During a font’s development, some of its biggest steps forward happen during the exchanges between designer and editor. As the company’s editorial director, Hoefler works with designers to refine and articulate a typeface’s goals, identify its most successful features, and improve its appearance. Some of these comments inspired Clymer to add new features to the software itself.
A refined version of Clymer’s software allowed him to individually light different parts of a character to achieve a more consistent overall effect. In panel No. 1 above, a raked light from above gives a “ball terminal” greater clarity. In panel No. 2, rotating the light source provides more balanced illumination to the bowl on the left side. In panel No. 3, side-lighting the main diagonal stroke gives it a defining contrast. The final character in panel No. 4 is a composite of these different highlights.
Above left, the first draft of Obsidian’s ampersand, compared with the final version at the right, showing the work of 10 months of revisions. Still another generation of tools made it possible to vary not only the angle of each light source but also its intensity, to help the designers better accentuate those details that best conveyed the illusion of dimensionality. Small details, like the tight interior corners, were refined by hand.
Surprisingly, it was the plainest letters in the alphabet that proved the most difficult to illuminate. At left above, the first draft of the capital D: Its rounded bowl catches the light nicely, but its straight vertical stem has a dull, uniform color. The solution was to alter the code so that highlighted stems become subtly brighter at the top and bottom and subtly thicker as they move from left to right.
Some characters revealed the need for new approaches. Serifs like those on the capital E couldn’t be extruded into a plausible three-dimensional form, so a new policy was needed to shade shapes like these. Overlaps in joined characters, like the æ diphthong and ffl ligature, presented additional opportunities to heighten the illusion of dimensionality. Some characters were redesigned completely to catch the light in more interesting ways: The flat crossbars on the 7, 2, and 5 were replaced with flowing curves, and the linear dagger and double-dagger were refashioned in a more ornamental style.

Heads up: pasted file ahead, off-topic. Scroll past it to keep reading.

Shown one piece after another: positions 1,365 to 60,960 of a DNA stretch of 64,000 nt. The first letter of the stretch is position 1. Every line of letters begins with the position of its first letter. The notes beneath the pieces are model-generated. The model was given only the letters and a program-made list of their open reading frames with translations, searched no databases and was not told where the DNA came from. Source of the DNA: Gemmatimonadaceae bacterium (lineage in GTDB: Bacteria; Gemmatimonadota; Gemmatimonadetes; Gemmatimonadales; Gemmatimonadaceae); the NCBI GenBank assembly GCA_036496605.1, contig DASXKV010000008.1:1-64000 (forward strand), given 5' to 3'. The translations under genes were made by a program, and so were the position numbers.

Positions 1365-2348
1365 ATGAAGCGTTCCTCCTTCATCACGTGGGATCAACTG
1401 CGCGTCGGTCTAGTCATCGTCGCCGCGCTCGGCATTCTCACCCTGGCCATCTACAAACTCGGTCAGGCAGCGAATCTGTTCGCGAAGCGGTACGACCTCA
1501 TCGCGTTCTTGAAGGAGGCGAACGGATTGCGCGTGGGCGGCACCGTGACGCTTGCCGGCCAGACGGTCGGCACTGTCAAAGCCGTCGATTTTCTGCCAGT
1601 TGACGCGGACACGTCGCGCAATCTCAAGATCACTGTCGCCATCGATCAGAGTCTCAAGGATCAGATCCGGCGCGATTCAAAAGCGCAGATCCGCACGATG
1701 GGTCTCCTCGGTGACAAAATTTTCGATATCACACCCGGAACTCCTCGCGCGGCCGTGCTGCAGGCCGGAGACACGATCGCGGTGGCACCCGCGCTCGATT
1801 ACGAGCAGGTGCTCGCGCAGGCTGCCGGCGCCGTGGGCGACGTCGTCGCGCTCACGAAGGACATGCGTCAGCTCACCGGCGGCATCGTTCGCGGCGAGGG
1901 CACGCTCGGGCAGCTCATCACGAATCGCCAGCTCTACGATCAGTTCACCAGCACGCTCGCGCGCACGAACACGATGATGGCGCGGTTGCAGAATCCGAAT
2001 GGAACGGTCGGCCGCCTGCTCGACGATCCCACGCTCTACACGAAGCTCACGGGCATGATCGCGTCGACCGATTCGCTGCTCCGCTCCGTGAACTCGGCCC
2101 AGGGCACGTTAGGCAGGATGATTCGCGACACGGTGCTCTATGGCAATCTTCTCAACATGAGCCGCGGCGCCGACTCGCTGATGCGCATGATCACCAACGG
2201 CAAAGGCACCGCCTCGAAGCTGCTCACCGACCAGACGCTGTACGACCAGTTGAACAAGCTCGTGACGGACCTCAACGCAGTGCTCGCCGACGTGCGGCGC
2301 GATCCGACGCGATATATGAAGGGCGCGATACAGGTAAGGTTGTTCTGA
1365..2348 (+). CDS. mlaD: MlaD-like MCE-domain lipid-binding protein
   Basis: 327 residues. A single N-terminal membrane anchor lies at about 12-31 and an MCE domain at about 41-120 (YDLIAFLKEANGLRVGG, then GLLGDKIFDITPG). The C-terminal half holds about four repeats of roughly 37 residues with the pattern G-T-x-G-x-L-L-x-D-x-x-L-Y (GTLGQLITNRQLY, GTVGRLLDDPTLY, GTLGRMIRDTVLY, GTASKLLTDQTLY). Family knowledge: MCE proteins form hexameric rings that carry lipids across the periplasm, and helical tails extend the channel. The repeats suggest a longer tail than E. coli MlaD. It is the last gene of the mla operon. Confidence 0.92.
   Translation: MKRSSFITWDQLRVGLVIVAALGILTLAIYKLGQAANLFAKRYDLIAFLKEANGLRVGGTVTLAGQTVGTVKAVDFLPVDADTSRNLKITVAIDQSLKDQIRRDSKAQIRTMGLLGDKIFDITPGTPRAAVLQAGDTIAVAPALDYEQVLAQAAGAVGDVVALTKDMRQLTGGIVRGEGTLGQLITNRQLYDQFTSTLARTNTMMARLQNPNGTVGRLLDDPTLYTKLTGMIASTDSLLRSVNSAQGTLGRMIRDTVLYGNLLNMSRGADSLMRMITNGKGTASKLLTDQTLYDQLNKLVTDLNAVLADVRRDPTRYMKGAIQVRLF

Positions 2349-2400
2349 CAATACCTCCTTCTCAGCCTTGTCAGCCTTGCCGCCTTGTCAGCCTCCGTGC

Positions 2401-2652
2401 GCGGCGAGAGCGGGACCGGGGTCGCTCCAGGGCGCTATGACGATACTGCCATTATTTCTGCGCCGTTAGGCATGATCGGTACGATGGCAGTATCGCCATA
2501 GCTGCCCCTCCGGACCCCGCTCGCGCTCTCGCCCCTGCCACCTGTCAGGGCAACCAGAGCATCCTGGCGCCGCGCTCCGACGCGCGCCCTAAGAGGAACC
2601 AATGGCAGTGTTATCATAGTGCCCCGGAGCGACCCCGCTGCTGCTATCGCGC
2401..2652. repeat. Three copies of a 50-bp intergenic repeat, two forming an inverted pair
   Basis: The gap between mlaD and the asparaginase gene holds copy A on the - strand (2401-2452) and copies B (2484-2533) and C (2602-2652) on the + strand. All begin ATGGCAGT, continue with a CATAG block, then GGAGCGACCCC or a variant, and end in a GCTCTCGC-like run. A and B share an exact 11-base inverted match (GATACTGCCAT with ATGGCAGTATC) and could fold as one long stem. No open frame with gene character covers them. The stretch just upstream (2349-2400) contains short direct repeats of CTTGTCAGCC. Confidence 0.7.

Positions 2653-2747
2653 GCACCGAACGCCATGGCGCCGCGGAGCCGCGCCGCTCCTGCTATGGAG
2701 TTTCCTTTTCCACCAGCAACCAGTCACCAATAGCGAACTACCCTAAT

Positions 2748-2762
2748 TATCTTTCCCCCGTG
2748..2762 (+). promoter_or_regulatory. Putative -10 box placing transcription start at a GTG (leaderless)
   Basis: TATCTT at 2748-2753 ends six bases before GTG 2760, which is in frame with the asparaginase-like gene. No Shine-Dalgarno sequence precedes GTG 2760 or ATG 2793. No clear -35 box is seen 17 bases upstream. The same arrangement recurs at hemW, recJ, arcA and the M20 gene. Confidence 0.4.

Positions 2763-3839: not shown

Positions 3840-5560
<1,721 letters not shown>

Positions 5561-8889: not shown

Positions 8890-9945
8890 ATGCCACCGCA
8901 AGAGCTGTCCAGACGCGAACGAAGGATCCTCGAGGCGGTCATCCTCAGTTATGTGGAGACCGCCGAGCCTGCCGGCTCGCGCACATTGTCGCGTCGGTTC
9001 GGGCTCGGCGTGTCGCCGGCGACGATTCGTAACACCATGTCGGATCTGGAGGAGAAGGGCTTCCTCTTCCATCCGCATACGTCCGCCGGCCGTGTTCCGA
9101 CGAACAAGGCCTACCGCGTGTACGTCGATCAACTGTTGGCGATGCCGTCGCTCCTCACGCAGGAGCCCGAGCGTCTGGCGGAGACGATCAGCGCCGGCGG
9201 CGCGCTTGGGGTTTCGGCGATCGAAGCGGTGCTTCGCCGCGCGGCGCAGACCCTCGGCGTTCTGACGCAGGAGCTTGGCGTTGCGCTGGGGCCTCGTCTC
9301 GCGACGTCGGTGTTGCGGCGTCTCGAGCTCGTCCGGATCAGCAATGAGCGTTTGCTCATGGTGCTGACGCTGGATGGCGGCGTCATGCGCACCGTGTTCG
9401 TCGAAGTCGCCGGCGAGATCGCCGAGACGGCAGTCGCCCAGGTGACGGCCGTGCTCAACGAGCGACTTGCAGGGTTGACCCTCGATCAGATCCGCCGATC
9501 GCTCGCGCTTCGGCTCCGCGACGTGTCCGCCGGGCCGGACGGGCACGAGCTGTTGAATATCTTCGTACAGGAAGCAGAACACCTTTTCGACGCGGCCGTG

A humble user interface conceals complex inner workings. Clymer’s shading tools were written in Python—long the language of choice for managing font data—and built as an extension for the RoboFont font editor. Intuitive, modular libraries for building interfaces and rendering shapes on screen make RoboFont a wonderful environment for invention. Shown above in color are the software’s best attempts to apply shading, based on the designer’s inputs; the black outlines reflect manual adjustments, introduced to improve the design of the letterform.
Above, characters from the finished typefaces Obsidian Roman and Obsidian Italic. For decorative typefaces, Obsidian contains an unusually broad range of characters, with roman and italic small capitals, swash caps and swash small caps, and accents for more than 140 languages. Both fonts are also provided in “chromatic layers” so designers can independently control the color of the backgrounds and foregrounds.
*Update, Feb. 5, 2015: This post has been updated to reflect that Jonathan Hoefler has received awards for his typeface design. It has also been updated to note Obsidian’s origins in the Surveyor font. (Return.)